"Anyway, it was clear that at some future point, the Government intended to apply to adopt the Euro as its currency. In anticipation of this, Dimness used fiscal and monetary policy to try to peg the Florin against the British Pound. As the pound strengthened against the Euro, Dimness increased interest rates so that the pound did not strengthen against the Florin and the Florin almost maintained its status against the Pound, but itself strengthened against the Euro. This policy has caused economic stagnation within Framptonia. What little industrial output we had has become uncompetitive on foreign markets and maintaining a balance of payments surplus has become a thing of imagination and history. The state of the economy has made the Socialist Party unpopular with the electorate and if these policies had continued would have lead to an electoral wipe out. Had Framptonia with its over valued currency joined the Eurozone, the cost to other members could have crashed the Euro."
"When through Davishirian intrigue brought Ric Metcalfe's Prime Ministership to an end, he was wily enough to manipulate the leadership succession to retain a Socialist Prime Minister in Philippa Bentley. Pippa is a much more determined leader than Ric ever was. Her Cabinet is a much more Socialist one than Ric's ever was. At the first meeting of the Cabinet, it was decided that the new Government of Framptonia would abandon the previous Government's ambition to become a Eurozone player and would retreat from the disastrous shadowing of the Pound by the Florin. The interest rate rises implemented by Dimness Healy would be reversed and the the Florin allowed to devalue to a sensible market level. And that is what we have done. No more. No less."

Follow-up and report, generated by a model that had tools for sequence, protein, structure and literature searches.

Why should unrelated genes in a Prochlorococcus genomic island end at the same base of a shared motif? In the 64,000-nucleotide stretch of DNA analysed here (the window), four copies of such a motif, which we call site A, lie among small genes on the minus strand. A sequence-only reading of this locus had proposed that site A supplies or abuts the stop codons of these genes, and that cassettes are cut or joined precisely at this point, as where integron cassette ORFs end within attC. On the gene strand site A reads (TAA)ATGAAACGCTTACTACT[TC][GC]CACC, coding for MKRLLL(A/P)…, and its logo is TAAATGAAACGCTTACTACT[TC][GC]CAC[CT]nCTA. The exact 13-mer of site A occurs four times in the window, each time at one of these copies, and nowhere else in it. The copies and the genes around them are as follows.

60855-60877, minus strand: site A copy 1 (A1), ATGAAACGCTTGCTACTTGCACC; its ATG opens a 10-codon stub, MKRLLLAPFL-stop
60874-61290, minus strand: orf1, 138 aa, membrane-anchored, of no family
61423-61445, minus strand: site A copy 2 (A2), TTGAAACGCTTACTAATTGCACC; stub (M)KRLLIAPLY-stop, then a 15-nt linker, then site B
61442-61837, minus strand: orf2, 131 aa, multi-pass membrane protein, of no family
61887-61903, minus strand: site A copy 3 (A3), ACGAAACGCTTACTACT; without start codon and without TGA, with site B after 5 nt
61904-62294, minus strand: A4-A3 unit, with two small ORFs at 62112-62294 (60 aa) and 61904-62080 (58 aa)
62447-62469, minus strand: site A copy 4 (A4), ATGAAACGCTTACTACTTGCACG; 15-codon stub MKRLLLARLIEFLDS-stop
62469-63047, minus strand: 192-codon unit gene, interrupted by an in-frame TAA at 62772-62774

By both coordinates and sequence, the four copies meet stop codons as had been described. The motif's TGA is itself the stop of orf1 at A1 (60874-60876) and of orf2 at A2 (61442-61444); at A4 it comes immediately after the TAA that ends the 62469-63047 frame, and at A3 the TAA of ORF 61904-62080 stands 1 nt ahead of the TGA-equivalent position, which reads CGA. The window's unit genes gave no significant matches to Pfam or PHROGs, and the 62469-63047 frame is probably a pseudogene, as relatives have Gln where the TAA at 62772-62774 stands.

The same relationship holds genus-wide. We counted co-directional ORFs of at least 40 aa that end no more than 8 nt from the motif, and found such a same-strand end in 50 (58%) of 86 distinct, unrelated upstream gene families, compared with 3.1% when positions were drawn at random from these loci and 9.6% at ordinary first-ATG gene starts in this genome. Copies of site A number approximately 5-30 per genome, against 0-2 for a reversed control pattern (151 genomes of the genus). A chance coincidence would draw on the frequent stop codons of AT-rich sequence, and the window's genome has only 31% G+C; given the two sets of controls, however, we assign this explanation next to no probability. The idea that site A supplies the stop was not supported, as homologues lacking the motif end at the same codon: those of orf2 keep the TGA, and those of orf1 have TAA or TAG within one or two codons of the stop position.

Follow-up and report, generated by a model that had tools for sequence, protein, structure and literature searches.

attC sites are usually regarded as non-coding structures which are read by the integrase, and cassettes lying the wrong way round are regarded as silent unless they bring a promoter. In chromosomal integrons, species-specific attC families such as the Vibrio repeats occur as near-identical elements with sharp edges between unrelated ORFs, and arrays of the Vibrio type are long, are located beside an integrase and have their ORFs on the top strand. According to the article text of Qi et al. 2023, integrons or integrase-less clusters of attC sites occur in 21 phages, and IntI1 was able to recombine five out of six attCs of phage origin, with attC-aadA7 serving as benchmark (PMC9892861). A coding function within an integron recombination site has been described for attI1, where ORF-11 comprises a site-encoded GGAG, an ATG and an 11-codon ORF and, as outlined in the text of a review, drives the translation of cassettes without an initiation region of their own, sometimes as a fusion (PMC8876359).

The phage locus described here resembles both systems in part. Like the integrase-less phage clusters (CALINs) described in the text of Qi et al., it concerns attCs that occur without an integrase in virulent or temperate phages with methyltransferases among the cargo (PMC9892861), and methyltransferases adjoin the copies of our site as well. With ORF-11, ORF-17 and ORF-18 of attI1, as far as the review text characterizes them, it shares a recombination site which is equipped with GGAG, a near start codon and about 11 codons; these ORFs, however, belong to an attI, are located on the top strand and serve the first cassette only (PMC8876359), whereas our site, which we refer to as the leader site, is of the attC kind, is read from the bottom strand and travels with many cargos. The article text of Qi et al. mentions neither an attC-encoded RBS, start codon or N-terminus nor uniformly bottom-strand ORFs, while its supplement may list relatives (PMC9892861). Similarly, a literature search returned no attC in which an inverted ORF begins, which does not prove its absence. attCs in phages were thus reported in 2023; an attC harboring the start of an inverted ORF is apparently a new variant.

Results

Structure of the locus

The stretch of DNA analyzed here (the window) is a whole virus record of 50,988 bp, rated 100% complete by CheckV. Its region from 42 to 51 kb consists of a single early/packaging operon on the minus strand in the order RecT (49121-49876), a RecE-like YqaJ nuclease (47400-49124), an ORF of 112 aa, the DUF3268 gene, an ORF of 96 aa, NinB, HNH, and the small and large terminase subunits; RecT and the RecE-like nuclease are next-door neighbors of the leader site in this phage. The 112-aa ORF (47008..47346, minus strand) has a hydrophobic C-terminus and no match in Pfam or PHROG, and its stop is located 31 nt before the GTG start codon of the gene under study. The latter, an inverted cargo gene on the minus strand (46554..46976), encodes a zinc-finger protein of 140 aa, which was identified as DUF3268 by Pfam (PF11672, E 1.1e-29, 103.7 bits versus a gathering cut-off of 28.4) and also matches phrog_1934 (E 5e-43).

"On those terms, we find your action to be reasonable. I was not aware that Framptonia had pegged their florin to the value of the British pound. Since it is free floating for the most part, that could have been a pickle!
"The thing that alarmed the Treasury was the rather...inflammatory remarks about strong currencies. Britain has built up its economic strength through centuries of economic liberalism. We will continue to encourage free trade, and we believe that Framptonia can be a valued trading partner, as it has shown significant growth in the three quarters of 2015-2016.
"Please don't think ill of us. Any economy in the position as ours would react in that way given the circumstances. We would have no idea if it was currency manipulation or otherwise."
"Ah, yes the inflammatory remarks," murmured Alan Thomas. "What you seem to forget Mr MacPherson, is that I am a politician in a minority Government. I have to play to the Court of Public Opinion and the polls are already showing that my words are boosting the popularity of my Prime Minister. That's my job. My words were simply a way of portraying our problems as being caused by bogeyman outsiders, when in fact they were caused by our own so called Socialists. But I can't say that publicly. I have to portray the failure of a Socialist Comptroller as a result of external forces."
"As Permanent Secretary, what are you? Some sort of Civil Servant? If so what authority do you have to reverse these tariffs? They don't gain your country anything, but they harm our country greatly."